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Bearded Collie

Bearded Collie

Beardie at Agility Trial


According to breed legends, a Polish sea captain traded three of his Polish Sheepdogs to a Scottish shepherd for a valuable ram and ewe in the early 16th century. When these dogs interbred with the local herding stock, the Bearded Collie was born. There may have been two sizes of the breed originally: a smaller lighter one for gathering and herding in the highlands, and a heavier type for droving in the lowlands. They were used for centuries variously called Highland Sheepdog, Highland Collie, and Hairy Moved Collie.

Although shown at the turn of the 20th century the breed all but vanished. After World War II a Mrs Willison started its revival, and by the 1960s it was once again recognized and even exported to the United States.


Known for his “bounce,” the exuberant Beardie will charm you with his joyous, affectionate, happy-go-lucky ways. He is playful and lively with an always wagging tail. The perfect companion for children. Enthusiastic, stable and self-confident. Males tend to be more bold and outgoing, while females tend to be calmer and more submissive. The Beardie needs to be with people and not left alone without anything to do. If you must leave them be sure to take them for a long jog or walk prior to leaving. They are humorous and high-energy dogs and without enough daily mental and physical exercise they may get themselves into mischief. Very trainable for many activities.

An owner who displays a natural authority is a must as Beardies think a lot and will be headstrong if he sees you as meek. One needs to be calm, but firm, confident and consistent when dealing with this dog. Set the rules you wish the dog to follow and stick to them. Obedience training is recommended. The Beardie is a natural herder of people and animals. They are noisy barkers, but are not watch dogs. They should not be shy or aggressive.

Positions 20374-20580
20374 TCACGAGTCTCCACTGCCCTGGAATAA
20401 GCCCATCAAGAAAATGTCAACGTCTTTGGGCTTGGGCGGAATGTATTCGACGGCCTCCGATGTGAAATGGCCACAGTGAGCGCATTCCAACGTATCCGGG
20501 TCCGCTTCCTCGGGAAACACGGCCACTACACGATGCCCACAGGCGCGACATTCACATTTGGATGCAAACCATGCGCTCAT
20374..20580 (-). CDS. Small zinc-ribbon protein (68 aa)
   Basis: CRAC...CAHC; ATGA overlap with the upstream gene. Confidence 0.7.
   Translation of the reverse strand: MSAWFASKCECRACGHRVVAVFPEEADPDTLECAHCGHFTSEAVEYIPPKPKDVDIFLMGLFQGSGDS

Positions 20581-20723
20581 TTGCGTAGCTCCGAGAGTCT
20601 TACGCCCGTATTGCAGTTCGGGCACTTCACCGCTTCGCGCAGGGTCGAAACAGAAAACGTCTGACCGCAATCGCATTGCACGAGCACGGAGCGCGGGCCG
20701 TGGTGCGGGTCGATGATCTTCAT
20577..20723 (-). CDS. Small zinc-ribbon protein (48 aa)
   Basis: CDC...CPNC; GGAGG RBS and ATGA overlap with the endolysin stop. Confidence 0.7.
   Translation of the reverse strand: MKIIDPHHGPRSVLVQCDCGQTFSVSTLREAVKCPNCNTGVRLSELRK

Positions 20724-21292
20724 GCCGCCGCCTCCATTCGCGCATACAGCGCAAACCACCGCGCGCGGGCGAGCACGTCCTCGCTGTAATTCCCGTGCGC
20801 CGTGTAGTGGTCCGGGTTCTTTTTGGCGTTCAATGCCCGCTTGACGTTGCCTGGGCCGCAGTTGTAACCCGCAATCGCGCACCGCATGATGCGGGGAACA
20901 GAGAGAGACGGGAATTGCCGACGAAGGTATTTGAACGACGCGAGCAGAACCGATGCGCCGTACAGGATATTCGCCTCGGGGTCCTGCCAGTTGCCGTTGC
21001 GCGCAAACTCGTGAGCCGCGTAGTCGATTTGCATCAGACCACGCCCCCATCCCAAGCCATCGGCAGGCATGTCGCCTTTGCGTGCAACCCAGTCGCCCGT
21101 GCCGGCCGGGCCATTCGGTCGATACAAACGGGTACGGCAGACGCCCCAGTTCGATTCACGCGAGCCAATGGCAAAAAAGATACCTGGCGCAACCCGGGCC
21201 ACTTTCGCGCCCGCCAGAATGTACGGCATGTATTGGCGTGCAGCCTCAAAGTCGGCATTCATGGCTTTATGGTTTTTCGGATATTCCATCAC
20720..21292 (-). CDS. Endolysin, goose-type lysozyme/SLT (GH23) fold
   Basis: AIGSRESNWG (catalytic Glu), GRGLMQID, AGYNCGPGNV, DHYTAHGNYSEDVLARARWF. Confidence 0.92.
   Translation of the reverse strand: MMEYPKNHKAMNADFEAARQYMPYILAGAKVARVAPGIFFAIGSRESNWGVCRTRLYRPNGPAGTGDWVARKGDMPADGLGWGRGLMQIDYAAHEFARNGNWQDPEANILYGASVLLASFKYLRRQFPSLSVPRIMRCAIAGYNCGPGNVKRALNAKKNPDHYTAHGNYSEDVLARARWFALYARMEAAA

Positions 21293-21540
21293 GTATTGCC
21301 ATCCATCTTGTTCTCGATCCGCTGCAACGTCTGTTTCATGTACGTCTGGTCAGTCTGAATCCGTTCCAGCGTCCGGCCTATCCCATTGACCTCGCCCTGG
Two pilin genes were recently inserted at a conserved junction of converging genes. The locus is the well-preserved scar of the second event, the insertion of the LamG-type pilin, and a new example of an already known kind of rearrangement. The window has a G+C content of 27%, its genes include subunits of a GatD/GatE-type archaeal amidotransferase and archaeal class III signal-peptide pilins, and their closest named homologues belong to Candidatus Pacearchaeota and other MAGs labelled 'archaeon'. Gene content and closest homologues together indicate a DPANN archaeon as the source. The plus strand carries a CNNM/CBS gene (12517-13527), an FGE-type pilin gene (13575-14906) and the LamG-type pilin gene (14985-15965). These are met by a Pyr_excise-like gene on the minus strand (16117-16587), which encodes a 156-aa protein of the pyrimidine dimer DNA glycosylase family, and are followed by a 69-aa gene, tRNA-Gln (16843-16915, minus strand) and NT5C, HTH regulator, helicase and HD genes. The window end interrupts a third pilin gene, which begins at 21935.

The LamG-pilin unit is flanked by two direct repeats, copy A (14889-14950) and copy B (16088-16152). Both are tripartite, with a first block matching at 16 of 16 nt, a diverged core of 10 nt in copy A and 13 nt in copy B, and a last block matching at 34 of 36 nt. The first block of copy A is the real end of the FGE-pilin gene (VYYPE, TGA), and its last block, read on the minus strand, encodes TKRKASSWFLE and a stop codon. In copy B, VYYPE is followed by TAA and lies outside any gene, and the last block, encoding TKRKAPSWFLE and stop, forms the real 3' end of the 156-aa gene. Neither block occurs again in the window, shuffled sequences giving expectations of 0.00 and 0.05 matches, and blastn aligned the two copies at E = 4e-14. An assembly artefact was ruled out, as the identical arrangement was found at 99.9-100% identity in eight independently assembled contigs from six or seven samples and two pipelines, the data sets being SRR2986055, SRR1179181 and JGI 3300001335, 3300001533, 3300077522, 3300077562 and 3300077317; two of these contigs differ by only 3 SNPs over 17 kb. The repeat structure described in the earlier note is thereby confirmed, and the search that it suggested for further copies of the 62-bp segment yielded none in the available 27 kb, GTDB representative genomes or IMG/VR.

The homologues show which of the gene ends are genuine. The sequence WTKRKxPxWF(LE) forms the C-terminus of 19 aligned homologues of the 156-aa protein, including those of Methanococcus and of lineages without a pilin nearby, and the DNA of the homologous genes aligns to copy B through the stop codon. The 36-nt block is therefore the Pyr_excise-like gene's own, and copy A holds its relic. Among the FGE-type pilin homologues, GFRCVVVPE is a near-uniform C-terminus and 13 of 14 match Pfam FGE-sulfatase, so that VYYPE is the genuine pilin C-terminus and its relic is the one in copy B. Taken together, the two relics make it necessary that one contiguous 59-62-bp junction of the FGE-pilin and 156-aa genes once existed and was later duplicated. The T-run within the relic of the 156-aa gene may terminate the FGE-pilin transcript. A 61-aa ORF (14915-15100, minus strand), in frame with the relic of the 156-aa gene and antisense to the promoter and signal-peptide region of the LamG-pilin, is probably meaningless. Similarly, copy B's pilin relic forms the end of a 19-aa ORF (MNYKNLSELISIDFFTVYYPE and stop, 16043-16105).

The Bearded Collie, or “Beardie” as he is known to his fanciers, is a medium-sized, agile, herding dog with a shaggy coat and an ever-wagging tail. He is an ancestor of the Old English Sheepdog, and the family resemblance is obvious. The Beardie has a broad head, short muzzle and a shaggy coat all over his body, even under the chin (hence the name “Beardie”). Beneath the dense, weatherproof outer coat lies a thick, soft undercoat. Its head and teeth are large. The eyes are wide set and harmonious in color with its coat, set high on its head and pendent. The ears lie close to the head and the tail is long and carried low unless the dog is excited. The Beardie is robust, hardy and active, but not massive.

The color of the coat changes several times over the life of the dog. Puppies are generally born black, brown, fawn or blue. The puppy coat then fades to light gray or cream. As the dogs reach maturity, they darken again to their adult coat in any of the four colors, black, brown, blue, or fawn. The final coat color is somewhere between the puppy coat and the yearling coat.

For more information on the Bearded Collie

Other Bearded Collie Links – Breeders and Organizations

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